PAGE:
Pein v. Miznerr

Citation170 Ind. 659,84 N.E. 981
Decision Date26 May 1908
Docket NumberNo. 21,210.,21,210.
PartiesPEIN et al. v. MIZNERR.
CourtIndiana Supreme Court


Appeal from Circuit Court, Marion County; H. C. Allen, Judge.

Action by Mary E. Miznerr against George W. Pein and others. Judgment for plaintiff, and defendants appeal. Transferred from Appellate Court, under Burns' Ann. St. 1901, § 1337j, subd. 1. Reversed and remanded.

For opinion in Appellate Court, see 83 N. E. 784.

W. A. Ketcham and J. W. Hutchinson, for appellants. Geo. W. Galvin and Wm. A. Reading, for appellee.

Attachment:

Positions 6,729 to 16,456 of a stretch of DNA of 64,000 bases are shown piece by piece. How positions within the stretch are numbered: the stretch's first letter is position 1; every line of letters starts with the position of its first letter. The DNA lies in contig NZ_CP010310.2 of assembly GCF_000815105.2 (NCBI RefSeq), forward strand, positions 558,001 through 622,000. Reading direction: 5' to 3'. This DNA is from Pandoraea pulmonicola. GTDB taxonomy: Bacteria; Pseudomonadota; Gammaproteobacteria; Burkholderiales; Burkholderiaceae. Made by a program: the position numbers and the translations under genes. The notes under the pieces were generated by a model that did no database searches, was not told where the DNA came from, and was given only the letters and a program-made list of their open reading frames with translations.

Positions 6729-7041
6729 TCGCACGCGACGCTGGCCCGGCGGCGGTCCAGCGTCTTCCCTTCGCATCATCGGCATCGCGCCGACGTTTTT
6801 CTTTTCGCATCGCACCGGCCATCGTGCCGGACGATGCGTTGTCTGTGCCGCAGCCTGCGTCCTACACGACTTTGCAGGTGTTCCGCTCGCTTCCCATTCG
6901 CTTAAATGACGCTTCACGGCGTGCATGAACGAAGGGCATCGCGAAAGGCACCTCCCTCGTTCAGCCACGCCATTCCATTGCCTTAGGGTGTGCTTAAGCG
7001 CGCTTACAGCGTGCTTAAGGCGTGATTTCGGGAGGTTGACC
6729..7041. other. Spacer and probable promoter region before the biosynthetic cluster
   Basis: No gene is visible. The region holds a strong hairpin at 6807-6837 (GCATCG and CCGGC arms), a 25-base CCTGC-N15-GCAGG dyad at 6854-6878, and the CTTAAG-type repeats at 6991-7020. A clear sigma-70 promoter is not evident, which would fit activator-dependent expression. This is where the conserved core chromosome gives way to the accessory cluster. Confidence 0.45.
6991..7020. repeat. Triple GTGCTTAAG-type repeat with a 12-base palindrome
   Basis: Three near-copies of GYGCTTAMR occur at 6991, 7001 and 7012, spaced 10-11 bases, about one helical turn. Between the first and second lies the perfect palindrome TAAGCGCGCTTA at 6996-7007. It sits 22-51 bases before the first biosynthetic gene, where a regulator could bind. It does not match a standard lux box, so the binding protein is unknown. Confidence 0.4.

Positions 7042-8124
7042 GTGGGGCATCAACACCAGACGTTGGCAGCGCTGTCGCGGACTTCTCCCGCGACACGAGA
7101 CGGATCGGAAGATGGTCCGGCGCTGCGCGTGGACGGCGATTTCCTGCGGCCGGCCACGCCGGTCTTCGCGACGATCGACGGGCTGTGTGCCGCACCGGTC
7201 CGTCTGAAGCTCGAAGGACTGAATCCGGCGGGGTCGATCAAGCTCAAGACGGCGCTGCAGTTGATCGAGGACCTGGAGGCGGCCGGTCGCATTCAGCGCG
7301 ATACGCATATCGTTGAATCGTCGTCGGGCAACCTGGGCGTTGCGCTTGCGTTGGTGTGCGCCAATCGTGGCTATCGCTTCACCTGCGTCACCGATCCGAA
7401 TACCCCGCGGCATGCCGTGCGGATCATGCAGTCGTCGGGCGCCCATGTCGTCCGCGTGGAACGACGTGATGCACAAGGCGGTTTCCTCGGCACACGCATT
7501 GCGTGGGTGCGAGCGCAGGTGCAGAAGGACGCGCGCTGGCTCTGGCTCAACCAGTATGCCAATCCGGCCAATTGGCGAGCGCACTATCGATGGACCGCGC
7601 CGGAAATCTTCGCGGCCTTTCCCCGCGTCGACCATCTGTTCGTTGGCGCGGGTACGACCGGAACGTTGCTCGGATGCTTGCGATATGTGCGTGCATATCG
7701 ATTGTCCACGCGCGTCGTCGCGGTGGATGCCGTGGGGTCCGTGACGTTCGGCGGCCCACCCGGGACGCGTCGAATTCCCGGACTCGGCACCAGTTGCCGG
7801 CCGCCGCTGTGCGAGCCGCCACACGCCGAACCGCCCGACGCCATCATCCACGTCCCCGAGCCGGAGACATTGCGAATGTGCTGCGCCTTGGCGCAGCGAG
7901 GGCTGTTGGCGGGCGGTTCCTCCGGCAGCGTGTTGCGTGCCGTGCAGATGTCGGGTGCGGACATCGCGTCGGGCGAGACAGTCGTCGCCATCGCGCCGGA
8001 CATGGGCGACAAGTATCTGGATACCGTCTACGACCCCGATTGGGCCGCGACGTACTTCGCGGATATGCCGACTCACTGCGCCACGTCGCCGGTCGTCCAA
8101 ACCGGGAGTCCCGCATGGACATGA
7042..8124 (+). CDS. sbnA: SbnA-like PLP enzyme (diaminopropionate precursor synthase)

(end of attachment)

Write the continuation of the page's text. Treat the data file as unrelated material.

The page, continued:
Appellee, a minor, commenced this action in the lower court by her next friend, to recover damages for personal injuries sustained by her while in the employment of appellants in their laundry in the city of Indianapolis. The complaint originally was in two paragraphs, but after the commencement of the trial counsel for appellee dismissed the first paragraph, and the cause was submitted to the jury upon the second, and the verdict returned is based upon that paragraph. It charges: That “the defendant Model Steam Laundry is a corporation duly incorporated and operating under the laws of the state of Indiana. That the defendants Pein and Washburn are the proprietors in charge of said laundry company. That such Model Steam Laundry Company is operated and conducted in the city of Indianapolis for the purpose of general laundry work, and in its operation has machines of divers and sundry make and construction, and such appliances are necessary in the conduct of such business. That on the 14th day of June, 1905, the said defendants were operating such laundry, and in the operation of the same had many men, women, and children employed. That among other of the children employed by said defendant was this plaintiff, a child, at the time, of less than 15 years, who was negligently and carelessly directed to assist in the operation of a machine, commonly known and designated as a ‘mangle,’ or large iron machine which worked by cogs, gearing, rollers set screws and belting, three of such rollers being covered and the other roller being heated to a great heat, unknown to plaintiff, but well known to defendants. That such heated and other rollers, though they could have been readily guarded and made safe, had no hood or other guard, contrary to the laws of the state of Indiana, and were operated in their exposed and unguarded condition, though they might and could have been readily and easily guarded without in any manner interfering with their use or usefulness. That this plaintiff was unacquainted with the construction or perils of such mangle, its different parts, movements, and operations, and knew nothing of the dangers incident to employment in and about such machine, which defendants well knew, or by the exercise of reasonable care could have known. That on said 14th day of June she was directed by those in charge, to whose orders she was bound to conform by virtue of her employment, and did at the time conform, without advice, counsel, instruction, or warning of peril, the need of which was well known to defendants and each of them, or by the exercise of reasonable care could have been known, to assist in tying the strings on the covered rollers, being wholly uninstructed or informed theretofore as to any danger to be apprehended from the rollers or either of them or any part of said mangle. That, at the time, such cogs, gearing, and rollers were in motion, but under her instruction she supposed that she was required to assist in tying such strings while the same were in motion, and did not know that such motion rendered the work hazardous. That such strings could have been tied and secured before the rollers were placed in motion, but of this fact plaintiff had no knowledge, not having experience or instruction, defendants not having instructed her in the manner or way of doing such work, though well knowing the necessity so to do. That, pursuant to the direction of the person in charge, to whose orders she was bound to conform, she proceeded to assist in tying such strings as the first work of the morning, and while in the act of assisting in tying such strings, and by reason of the absence of a hood over the rollers, and the absence of necessary guards, and by reason of the hazardous and dangerous work, and for lack of instruction and knowledge, her hand was inadvertently caught in such rollers, and drawn upon and against the said heated roller, and drawn between such roller and the one next the same, crushed, mangled, and burned, etc (Our italics.) Here follow averments in respect to the extent and character of the injury sustained, and the suffering of appellee occasioned thereby, and judgment is demanded for $15,000. Appellants Pein and Washburn separately and severally demurred to each paragraph of the complaint, on the ground of insufficiency of facts. These demurrers were each overruled by the court, and proper exceptions reserved. The answers of appellants were a general denial. Upon the issues as joined between the parties the case was tried by a jury, and a general verdict returned in favor of appellee for $3,000, together with answers to special interrogatories. Joint and separate motions were filed by Pein and Washburn, first, for a venire de novo; second, for judgment on the answers of the jury to the interrogatories. These motions were all overruled, exceptions reserved, and thereupon said appellants moved for a new trial, which motion was overruled, to which ruling they each excepted. The court then rendered and caused to be entered judgment against Pein and Washburn and the Model Steam Laundry for $3,000, together with costs. Thereupon appellants filed their motion to modify the judgment by striking out the words “Model Steam Laundry.” This motion was overruled by the court, and the judgment was permitted to stand as rendered. From this judgment appellants appealed in term time, and have assigned as errors herein, among others, that the court erred in overruling...